Flashback Freshman: Prep Elites Throw Back Advice to Freshman Year

Left: Samantha Burke, right: Walter Treat

It's time for our annual Prep Elite, featuring some of the area’s standout high school seniors. We received a host of worthy nominations from their schools, which, frankly, could ably fill the pages of Southwest Metro Magazine for months to come.

Devoted. Talented. Disciplined. Athletic. Scholarly. Clearly, these students represent themselves, their families and schools in a way in which they can take great pride.  

As the dawn of senior year breaks, hearts and minds tend to keep a keen eye on the horizon, awaiting what the future will reveal under the light of a new day. While that’s a natural inclination, prior to their graduations, it might serve seniors well to take a moment to look back to the beginning—freshman year, when uncertainty and excitement created curious companions. Life is full of freshman years, so we asked the Prep Elites: Knowing what they now know, what would they tell their freshman selves? Their responses just might serve the rest of us well, too!

Convent of the Visitation School

“If given the opportunity to, I would tell my awkward ninth-grade self to embrace all of the ups and downs of freshman year and of high school in general,” Samantha says. “I would tell myself not to sweat the little things in life, focus on the big picture and not to worry too much about what the future holds.”

Samantha, daughter of Paul and Laurel Burke, enjoyed playing hockey and soccer. “Through these sports, I have learned the importance of teamwork, dedication and passion,” she says, adding being a good teammate requires work and sacrifice.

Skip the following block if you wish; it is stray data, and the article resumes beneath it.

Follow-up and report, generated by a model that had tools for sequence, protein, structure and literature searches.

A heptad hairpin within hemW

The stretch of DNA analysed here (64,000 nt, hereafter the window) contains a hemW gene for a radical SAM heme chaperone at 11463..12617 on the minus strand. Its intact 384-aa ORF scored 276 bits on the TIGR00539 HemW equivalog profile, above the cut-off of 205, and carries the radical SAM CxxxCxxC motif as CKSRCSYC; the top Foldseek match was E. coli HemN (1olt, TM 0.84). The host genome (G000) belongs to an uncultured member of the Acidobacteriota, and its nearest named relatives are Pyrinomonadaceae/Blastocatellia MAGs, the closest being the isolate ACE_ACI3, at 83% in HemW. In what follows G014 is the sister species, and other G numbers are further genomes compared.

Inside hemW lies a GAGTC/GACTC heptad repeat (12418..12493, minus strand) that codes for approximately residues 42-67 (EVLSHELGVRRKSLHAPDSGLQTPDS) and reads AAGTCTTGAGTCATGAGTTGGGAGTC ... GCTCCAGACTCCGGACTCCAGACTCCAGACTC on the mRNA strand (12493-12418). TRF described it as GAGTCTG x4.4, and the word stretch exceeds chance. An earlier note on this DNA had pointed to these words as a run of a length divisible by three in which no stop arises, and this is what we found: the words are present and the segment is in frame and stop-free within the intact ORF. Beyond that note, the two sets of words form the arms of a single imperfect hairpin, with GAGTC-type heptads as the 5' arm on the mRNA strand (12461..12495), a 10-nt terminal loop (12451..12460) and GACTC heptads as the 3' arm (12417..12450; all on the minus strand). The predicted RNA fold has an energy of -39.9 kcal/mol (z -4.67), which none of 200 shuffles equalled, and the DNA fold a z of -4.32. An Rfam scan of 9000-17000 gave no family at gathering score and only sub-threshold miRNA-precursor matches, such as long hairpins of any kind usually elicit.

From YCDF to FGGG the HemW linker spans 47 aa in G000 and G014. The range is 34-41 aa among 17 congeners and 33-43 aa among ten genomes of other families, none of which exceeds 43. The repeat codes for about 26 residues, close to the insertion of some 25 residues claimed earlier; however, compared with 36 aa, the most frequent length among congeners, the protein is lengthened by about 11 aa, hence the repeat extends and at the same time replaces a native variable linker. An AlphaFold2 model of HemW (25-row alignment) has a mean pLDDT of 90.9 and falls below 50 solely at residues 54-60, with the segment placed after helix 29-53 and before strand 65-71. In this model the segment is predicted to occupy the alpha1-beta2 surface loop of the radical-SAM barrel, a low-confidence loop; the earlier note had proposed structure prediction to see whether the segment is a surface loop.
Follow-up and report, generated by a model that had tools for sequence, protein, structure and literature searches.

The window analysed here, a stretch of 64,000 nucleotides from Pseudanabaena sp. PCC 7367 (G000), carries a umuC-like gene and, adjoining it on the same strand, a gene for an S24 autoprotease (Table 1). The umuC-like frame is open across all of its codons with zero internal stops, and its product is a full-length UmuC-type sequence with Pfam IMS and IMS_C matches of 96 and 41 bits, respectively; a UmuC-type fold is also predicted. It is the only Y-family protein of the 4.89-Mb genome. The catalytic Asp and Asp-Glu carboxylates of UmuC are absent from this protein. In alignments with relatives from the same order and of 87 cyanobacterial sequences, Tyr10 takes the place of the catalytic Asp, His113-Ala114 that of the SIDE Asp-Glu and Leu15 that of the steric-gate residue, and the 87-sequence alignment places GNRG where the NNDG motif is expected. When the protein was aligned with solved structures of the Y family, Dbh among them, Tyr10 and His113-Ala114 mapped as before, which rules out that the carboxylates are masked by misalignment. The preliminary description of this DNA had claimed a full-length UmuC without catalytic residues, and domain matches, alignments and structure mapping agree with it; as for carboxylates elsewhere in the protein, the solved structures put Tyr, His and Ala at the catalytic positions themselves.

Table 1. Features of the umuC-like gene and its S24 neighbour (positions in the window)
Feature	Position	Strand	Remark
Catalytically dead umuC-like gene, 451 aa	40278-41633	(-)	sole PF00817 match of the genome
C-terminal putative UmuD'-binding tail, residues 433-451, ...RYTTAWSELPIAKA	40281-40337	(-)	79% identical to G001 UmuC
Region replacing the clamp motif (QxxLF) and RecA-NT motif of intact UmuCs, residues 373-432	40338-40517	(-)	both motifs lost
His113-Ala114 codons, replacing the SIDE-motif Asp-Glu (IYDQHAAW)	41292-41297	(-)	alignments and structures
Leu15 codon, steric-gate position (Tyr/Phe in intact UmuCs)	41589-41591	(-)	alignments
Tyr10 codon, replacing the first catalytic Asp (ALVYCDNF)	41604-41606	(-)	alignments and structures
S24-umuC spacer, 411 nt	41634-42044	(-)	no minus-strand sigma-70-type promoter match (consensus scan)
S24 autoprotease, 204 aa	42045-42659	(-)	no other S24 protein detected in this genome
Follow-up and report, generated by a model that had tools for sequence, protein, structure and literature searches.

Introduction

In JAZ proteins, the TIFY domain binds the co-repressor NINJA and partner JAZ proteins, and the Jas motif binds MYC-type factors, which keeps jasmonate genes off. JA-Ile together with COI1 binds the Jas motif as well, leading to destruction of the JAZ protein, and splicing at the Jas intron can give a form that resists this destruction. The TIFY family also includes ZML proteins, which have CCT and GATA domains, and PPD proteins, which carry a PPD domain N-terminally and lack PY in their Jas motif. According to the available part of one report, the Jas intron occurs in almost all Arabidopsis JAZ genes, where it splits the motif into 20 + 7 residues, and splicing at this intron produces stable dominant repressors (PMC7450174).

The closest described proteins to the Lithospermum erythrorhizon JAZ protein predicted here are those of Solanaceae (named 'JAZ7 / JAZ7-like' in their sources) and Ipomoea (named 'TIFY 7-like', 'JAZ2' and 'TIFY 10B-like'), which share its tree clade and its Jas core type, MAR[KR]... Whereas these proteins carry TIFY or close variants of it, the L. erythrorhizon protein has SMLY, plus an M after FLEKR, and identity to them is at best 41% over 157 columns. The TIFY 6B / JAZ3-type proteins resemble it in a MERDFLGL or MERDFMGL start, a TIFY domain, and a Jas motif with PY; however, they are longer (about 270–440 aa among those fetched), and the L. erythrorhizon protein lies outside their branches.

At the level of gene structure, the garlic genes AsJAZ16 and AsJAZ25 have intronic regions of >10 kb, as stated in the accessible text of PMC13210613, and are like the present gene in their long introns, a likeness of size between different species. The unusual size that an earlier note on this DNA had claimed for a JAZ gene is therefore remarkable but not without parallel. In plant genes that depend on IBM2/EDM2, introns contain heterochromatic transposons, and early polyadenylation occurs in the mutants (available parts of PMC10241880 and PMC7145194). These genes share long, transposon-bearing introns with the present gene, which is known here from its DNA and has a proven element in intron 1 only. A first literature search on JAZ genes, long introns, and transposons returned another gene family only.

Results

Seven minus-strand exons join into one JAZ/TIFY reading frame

Samantha credits her older brothers, who she says have taught her to be strong and resilient.  She says, "My older brothers set an example for me in school and athletics that I always strove to reach and continue to reach for. They not only set the bar high in school and in athletics, but also in their character as they both are compassionate, spontaneous people, who would do anything for me in a heartbeat.”

Samantha is on yearbook and part of a women activists club, examining the role of women, and has been on the high honor roll all semesters from freshman–junior years.

“Socially, high school has given me a better understanding of how seemingly different people can have so much in common,” Samantha says, adding it also took her out of her comfort zone in some areas and built on strengths in other cases.

What’s next for Samantha?  She verbally committed to Cornell University for hockey. Her dream job includes being an orthopedic surgeon. “I understand that this particular job has a very challenging path, but by continuing to work hard in school, I think that I can achieve this dream,” she says.

Holy Family Catholic High School

“Don’t worry so much—it won’t get you anywhere,” Walter says to his younger self.  “It’s okay to be aware of where you are lacking in skills—as long as you also stay aware of your strengths. Don’t expect to be perfect in everything.”

Walter, son of Tyler and Elizabeth Treat, utilized that philosophy through participating in team activities. “My favorite extracurricular activity is Knowledge Bowl,” he says. “It has taught me how to effectively use knowledge within a team in order to reach toward a goal.”